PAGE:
Dec 5, 2009 at 12:19 pm #1242761
Paul McLaughlinBPL Member
I'm curious as to what experience people have with the MSR Windpro stove for snow camping, using it with the canister inverted. Beyond general impressions,I'd especially like to hear about:
Any comparisons of fuel usage between white gas and c canisters – i.e.,"I used to use a liter of white gas for a week of snow camping, now I use 2 canisters" or whatever the numbers are.
Anyone who has experienced what Roger Caffin has with some substance gunking up the valve.
And what means you use to hold the canister in an inverted position.
Thanks!Dec 28, 2009 at 6:59 am #1557523
Michael RayBPL Member
I can only speak to keeping it inverted, which is I use it that way ALL the time. Loosened the adapter connection, rotated it 180 degrees and retightened. If it's windy I suspect you may need to lean the canister against something. I've heard others have used like small butter tubs with a slot cut to place the inverted canister in.
I haven't had the chance to use in the snow or long enough to worry about a gunky valve.Dec 28, 2009 at 8:57 am #1557545
Neil JohnstoneBPL Member
Primus folding legs and a bit of epoxy resin:Jan 3, 2010 at 9:52 pm #1559231
Hi guys, I just got a Windpro I plan to use for winter, but the adapter connection is really tight, how did you loosen it and make the adjustment?
Thanks.Jan 4, 2010 at 1:40 am #1559259
A large vice and the RIGHT-sized spanner.
I suspect there may be some thread-lock on the nut, which makes it a bit hard the first time.
CheersJan 4, 2010 at 11:45 am #1559352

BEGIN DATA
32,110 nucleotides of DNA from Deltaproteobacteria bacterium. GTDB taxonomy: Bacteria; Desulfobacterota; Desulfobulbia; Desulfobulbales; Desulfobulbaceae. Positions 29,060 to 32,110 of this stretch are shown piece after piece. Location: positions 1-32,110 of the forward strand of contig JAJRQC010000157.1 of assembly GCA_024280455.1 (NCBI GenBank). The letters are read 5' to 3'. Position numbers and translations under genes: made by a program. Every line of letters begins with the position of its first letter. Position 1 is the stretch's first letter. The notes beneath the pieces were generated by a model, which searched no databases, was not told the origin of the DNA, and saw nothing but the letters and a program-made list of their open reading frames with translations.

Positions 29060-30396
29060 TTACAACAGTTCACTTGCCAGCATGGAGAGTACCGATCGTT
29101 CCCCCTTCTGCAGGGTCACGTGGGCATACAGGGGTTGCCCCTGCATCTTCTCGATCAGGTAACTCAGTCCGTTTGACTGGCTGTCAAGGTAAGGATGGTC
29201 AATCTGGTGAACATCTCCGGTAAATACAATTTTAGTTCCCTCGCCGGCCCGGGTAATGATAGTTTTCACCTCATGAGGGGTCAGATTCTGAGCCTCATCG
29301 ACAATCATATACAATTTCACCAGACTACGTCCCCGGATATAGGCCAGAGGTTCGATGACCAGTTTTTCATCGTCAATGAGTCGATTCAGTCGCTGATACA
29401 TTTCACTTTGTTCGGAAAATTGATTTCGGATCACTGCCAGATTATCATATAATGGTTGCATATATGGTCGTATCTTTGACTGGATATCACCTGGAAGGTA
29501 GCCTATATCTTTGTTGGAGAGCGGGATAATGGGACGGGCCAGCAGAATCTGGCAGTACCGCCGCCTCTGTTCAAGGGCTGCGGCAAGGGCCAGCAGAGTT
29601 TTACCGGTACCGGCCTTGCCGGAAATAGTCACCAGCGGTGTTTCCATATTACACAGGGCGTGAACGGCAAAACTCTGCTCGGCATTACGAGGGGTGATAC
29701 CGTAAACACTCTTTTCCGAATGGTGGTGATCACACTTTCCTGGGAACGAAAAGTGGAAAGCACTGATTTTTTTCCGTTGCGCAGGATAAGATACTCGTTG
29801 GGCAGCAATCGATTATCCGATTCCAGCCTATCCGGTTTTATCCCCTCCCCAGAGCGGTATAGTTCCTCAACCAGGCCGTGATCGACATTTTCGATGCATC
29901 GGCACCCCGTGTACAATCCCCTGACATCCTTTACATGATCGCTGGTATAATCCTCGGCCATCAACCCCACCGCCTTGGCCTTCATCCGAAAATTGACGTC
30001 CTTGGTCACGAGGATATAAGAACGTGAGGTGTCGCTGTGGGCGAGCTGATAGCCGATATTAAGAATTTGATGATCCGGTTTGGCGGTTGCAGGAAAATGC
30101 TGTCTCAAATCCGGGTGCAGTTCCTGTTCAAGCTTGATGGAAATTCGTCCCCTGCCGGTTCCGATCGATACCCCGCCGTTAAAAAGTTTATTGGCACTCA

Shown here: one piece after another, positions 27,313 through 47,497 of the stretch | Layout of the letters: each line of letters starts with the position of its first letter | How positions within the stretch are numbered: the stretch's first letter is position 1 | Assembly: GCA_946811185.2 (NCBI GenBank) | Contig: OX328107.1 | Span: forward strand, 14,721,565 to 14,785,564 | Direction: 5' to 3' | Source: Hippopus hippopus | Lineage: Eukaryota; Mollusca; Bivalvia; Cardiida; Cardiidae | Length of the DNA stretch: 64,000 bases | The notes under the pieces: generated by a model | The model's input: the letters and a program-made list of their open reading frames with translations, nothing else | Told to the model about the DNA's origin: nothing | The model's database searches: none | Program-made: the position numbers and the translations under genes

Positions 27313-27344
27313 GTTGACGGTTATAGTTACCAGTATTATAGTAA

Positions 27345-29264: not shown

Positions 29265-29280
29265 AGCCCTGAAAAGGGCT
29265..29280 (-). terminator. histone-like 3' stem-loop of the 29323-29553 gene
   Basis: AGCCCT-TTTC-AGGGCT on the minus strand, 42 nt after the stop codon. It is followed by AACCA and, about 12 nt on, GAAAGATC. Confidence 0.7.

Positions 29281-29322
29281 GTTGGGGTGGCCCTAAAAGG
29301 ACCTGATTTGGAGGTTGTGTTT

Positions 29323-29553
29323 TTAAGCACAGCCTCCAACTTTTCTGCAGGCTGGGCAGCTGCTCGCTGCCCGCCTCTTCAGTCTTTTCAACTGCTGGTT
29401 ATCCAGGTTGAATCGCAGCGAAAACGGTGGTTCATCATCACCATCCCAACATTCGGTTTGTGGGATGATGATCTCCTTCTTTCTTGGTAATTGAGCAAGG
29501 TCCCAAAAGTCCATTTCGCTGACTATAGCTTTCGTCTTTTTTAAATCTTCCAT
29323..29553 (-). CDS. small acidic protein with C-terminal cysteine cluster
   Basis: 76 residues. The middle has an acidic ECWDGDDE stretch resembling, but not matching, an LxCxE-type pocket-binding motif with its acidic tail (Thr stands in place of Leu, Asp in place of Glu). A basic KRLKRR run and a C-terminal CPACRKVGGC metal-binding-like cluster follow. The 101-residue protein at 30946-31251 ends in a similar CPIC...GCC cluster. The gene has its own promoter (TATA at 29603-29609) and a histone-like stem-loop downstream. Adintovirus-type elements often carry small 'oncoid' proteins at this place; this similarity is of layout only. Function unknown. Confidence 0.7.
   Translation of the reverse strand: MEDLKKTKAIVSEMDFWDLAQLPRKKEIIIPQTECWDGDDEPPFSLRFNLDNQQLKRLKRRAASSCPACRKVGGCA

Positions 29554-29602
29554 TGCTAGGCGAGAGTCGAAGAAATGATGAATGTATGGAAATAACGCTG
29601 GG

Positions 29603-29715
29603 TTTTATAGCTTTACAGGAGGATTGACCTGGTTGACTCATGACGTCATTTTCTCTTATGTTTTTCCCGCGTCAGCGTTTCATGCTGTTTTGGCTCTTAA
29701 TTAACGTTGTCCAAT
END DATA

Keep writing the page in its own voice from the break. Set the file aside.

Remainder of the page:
Thanks Roger, I have the hose disconnected from the valve, should I be able to rotate the two brass pieces separately to flip it upside down once it's tightened back down?
EDIT: Never mind, I figured it out. Thanks for the help; I look forward to using the stove in the snow soon.Jan 4, 2010 at 12:04 pm #1559359
From memory … I loosened the connector and rotated the hose, but it sticks in my mind that at one end of the hose there was no 'free' rotation. That is, the final angle depended on how tightly I did the nut up. But since the thread is quite fine, I was able to get a seal at the desired angle. It may be that you can only make the adjustment at one end, not at both.
Can you take a photo or two and report back how it goes?
CheersJan 4, 2010 at 12:39 pm #1559370
Hi Roger, I ended up completely unscrewing the hose from the valve, then rotating the crimped brass piece independent of the brass nut roughly 180 degrees. I didn't hit 180 exactly but came close enough for easy inverted operation. I then screwed the hose tightly back into the valve. Hopefully rotating the two brass pieces independently didn't cause any problems with the internal hose.Jan 4, 2010 at 1:20 pm #1559389
Michael RayBPL Member
Likely not an issue. I don't recall having any problem rotating mine to exactly where I wanted it. FWIW, I let it and a used canister sit outside for a couple hours last night at 10* F, and it fired right up inverted.
Did the same test with my SuperCat and HEET and it also seemed to work fine though I did have to put the match pretty much right on the HEET and it did take longer before I heard the HEET boil. This was mostly just to satisfy my curiousity since most say alcohol stoves don't work well at cold temps.Jan 5, 2010 at 11:21 am #1559753
My stove did indeed light up when I got home, so no problems with the modification.
Now I'll be tinkering with a stand for the canister, likely just a rubber band and 3 Y-stakes.Jan 5, 2010 at 1:36 pm #1559788
> I'll be tinkering with a stand for the canister
Yeah, I went down that route for a while. Eventually I gave up and realised that I could stick the canister upside down on the ground leaning against a shoe or anything handy. Rocks, sticks … In the snow I have used lumps of hard snow (snowballs?) to prop the canister upside down. It all works fine, and has zero carry weight.
CheersFeb 1, 2010 at 6:47 pm #1568733
Eric BlumensaadtBPL Member
@danepackerLocale: Mojave Desert
… you can get a Brunton hose & canister stove adapter for taking any Lindal valve thread stove like, say a Pocket Rocket, and do the same thing – i.e. invert the canister end atatchment.Feb 1, 2010 at 7:39 pm #1568740
John S.BPL Member